"What about security?" you ask. I have an exercise for you. Talk to a recent college graduate. Ask them about the "flood" of opportunities available to them. Oh wait, they aren't there! There's no security in college. There's no pot of gold at the end of the tunnel. One of the key elements to one's success in poker is their ability to adjust to a given situation. If one's betting patterns become too predictable, that person is doomed to be crushed by opponents who are constantly adjusting to the flow of the game. Likewise, in 1960 when nobody could afford to go it was necessary to get ahead. In the information age of 2010, where the internet is readily available, you have the freedom to access things from anywhere on the planet. It's time we start utilizing the resources available to us to mold our lives into what we want them to be! Or you can do my old school favorite and travel! Instead of spending $40,000 taking art and european history you can learn first hand by exploring the Lourve, Vattican and Sistine chapel. You can take guided tours from natives who speak the language and are versed in the subject you wish to learn. It doesn't mean you need to open an art gallery, but the deciding factor shouldn't be monetary but rather, which is going to provide a more memorable experience? Which environment is going to provide more value? Which setting are you going to learn and retain more information? When we start seeking these more abstract questions, the answer becomes trivial. Instead of developing an adderol addiction and cramming for a test, you can take a boat ride through the Seine river in Paris and look at historical monuments! Folks, it's a no brainer. It's both ironic and painful that I seem to be a minority. My neighbor works 80 hours a week commuting an hour each way to LA as a lawyer and is absolutely miserable. I can't begin to describe how much harder his life is than mine. If he put in merely half of the effort at becoming financially independent, he could start to make money on his own. It's sad that the only thing holding us back is the fear of failing. We would rather have a certain way to be unhappy than take a chance to be happy doing something we truly want.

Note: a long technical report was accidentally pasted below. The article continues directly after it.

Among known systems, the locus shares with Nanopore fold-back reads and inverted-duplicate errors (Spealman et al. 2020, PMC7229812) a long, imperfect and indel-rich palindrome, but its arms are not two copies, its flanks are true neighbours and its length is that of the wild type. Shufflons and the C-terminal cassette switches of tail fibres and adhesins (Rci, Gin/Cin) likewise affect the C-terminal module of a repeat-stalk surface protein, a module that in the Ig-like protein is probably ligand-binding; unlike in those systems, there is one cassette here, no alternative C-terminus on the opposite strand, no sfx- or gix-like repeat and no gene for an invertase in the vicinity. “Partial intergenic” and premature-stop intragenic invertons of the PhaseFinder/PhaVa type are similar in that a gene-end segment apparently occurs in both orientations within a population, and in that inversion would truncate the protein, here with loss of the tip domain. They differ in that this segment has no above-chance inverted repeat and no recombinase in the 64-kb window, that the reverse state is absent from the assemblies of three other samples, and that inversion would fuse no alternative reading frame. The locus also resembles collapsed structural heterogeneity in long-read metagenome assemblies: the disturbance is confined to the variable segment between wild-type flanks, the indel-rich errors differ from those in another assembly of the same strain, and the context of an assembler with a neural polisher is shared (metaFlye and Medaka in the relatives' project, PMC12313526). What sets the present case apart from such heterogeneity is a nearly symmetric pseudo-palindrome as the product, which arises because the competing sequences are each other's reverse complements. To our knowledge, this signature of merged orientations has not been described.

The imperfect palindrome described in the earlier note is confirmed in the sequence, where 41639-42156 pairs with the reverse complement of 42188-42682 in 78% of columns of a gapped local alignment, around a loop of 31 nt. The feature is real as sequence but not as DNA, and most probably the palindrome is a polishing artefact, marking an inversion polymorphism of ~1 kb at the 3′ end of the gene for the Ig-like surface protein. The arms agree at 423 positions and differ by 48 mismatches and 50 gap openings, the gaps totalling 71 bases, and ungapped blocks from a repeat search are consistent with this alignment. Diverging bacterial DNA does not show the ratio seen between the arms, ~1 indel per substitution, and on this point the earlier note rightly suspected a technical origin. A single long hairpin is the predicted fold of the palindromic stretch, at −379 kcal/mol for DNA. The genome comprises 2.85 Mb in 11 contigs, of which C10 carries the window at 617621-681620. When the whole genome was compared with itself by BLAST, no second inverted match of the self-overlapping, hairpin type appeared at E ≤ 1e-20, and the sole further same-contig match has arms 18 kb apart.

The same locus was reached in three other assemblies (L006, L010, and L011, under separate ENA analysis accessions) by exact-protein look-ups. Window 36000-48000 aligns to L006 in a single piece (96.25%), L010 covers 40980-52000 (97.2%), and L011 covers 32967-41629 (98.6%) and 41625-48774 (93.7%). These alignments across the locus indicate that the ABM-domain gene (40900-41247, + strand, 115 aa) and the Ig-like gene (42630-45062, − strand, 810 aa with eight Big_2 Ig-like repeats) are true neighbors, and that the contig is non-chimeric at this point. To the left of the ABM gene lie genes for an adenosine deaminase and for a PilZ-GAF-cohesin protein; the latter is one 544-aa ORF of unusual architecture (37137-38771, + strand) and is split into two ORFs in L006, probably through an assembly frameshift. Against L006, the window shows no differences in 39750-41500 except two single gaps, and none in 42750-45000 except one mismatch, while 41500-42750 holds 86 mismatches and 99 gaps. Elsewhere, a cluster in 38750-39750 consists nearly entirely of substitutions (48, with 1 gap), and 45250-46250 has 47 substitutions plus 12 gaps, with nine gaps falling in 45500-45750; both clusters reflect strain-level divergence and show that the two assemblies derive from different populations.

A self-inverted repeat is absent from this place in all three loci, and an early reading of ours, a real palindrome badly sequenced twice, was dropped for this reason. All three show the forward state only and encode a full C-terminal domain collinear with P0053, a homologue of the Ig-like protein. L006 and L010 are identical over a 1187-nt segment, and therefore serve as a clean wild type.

"Alec, you can't be serious. You can't expect me to just drop everything and travel the world for 4 years on a budget of $100,000." Fair enough. But to shed some light on the possibilities available should you pursue this path I'd like to share the details of a recent trip I took to New Zealand. For the 2009 New Year, I took a leap of faith and ventured alone to the unknown land of New Zealand. As it turns out, I had the time of my life. I went skydiving, took an overnight cruise of one of the wonders of the modern world, hiked through the countryside, climbed a glacier with an ice pick, explored the entire west coast, fell in love, ate amazing food, kayaked through the open waters, played with native seals, made countless new friends from all over the world and had memories that will last a lifetime. How much did the trip cost? Not including the flight it can be done for under $1000. I stayed in hostels where I met some of the coolest people of my life for $12 per night. They have these in every major city in the world where backpackers and aristocrats alike come from anywhere between Australia and America! I met one student who had been doing this for 3 years and everything he owned was in a single backpack. He worked at the hostels and took free rent as payment. On his journey around the world he visited over 20 countries on a budget of under $10,000 a year. Those who want this life will have it. We have everything you need right now. The only thing holding us back is fear and a lack of priority. We value useless material more than a life of adventure or aren't willing to sacrifice what it takes to do it. We associate traveling with luxury which I can assure you is far from the truth. Sadly, the only one we have to blame is ourselves. Too often I hear the lawyer wishing he could go there. The accounting wishing she could do that. The family wishing they could try this. To you my reply is always the same, you can.